Shopping for Used Mattresses

Buying a mattress? Factors to consider may include soft or firm, innerspring or foam, new or used. Used? Yes, in most parts of the country, used mattresses can be resold as long as they meet certain labeling and processing requirements.

Bedding can be expensive. It's important to know what you're buying. The easiest way to tell if you're buying new or used is to look at the label attached to the mattress. In most cases, new mattresses will include a white tag or label that indicates that the mattress contains "all new materials, consisting of...." Depending on the state, used mattresses may contain a tag, sometimes red or yellow in color, that warns that the mattress contains used materials. Federal law requires that any mattress that contains used stuffing bear a tag or label with that information. If you don't see any tag, consider doing business with another retailer. Otherwise, you simply don't know what you're buying.

Not all states have labeling requirements for the sale of used mattresses, and for those that do, the requirements can vary. For example, in many places, old mattresses that have been recovered with new ticking (strong, tightly woven cotton or linen fabric) can be sold as long as they are sanitized or disinfected in some way before sale. In other states, only certain parts of mattresses, such as the springs, can be reused. These rules apply to traditional retailers as well as to thrift, secondhand and consignment shops.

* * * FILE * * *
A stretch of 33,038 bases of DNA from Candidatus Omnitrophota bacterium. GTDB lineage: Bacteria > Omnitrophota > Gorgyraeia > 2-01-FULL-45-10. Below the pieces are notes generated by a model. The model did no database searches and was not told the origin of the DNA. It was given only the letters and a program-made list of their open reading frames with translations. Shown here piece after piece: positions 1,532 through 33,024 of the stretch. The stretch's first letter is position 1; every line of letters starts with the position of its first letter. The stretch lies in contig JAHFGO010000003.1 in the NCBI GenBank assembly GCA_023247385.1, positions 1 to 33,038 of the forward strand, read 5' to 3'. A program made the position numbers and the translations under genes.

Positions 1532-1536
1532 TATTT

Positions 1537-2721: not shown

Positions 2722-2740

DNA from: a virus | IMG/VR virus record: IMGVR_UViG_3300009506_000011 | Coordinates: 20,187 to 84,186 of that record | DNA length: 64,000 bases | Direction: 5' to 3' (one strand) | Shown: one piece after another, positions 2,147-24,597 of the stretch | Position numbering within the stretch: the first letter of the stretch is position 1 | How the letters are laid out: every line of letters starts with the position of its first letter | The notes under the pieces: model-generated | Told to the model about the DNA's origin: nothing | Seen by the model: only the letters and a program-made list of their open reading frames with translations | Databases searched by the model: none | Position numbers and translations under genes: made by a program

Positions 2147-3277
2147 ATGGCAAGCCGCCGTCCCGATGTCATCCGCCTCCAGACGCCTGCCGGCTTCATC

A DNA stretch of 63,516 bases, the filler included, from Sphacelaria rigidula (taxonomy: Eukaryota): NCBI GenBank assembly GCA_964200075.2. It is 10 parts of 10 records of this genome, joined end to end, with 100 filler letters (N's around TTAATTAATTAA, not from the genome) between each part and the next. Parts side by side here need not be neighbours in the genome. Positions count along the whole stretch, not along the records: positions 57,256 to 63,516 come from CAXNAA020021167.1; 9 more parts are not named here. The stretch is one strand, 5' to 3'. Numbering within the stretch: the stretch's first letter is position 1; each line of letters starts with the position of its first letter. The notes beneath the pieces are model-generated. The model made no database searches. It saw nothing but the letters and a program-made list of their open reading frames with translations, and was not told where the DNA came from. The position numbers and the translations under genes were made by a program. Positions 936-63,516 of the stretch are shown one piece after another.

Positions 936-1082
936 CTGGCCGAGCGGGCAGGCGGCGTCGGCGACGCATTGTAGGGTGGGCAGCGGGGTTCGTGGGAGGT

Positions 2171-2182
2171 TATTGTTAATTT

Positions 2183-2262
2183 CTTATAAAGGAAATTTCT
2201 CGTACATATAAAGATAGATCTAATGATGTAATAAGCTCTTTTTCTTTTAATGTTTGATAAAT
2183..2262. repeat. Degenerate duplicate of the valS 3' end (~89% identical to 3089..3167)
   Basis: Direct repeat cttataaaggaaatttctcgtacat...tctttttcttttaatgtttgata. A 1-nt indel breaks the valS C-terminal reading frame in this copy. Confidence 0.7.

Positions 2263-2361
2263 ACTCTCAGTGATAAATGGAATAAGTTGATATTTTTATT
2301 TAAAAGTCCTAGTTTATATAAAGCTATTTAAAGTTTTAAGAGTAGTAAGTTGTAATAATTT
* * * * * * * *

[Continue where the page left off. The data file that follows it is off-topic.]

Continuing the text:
Mattress Shopping Tips:

  • Shop around. Mattress prices and quality vary greatly.
  • Ask if the retailer sells used bedding. If so, and you want a new mattress, make sure your mattress has a "new" mattress tag.
  • Make sure you look at the tag on the actual mattress you're buying, either before you leave the store or before the delivery person leaves your house. Don't let the heavy plastic wrapping stop you from looking for — and at — the tag. 
  • Ask the retailer to write "new" on your sales receipt if you've been told you're buying a new mattress. If it turns out that the mattress is used, you'll have stronger recourse. 
  • Avoid retailers with mattresses that don't carry tags. You simply don't know what you're getting, regardless of what the salesperson claims. It's what's in writing that counts. 
  • Ask about the retailer's return and refund policies, and get copies in writing.

For More Information

The agency that regulates mattress labeling varies by state. To find out what the bedding laws are in your state, you may have to contact the State Departments of Health, Consumer Affairs, Agriculture or Licensing.

This article was previously available as More Than Once Upon a Mattress: Used Bedding Labeling Rules.

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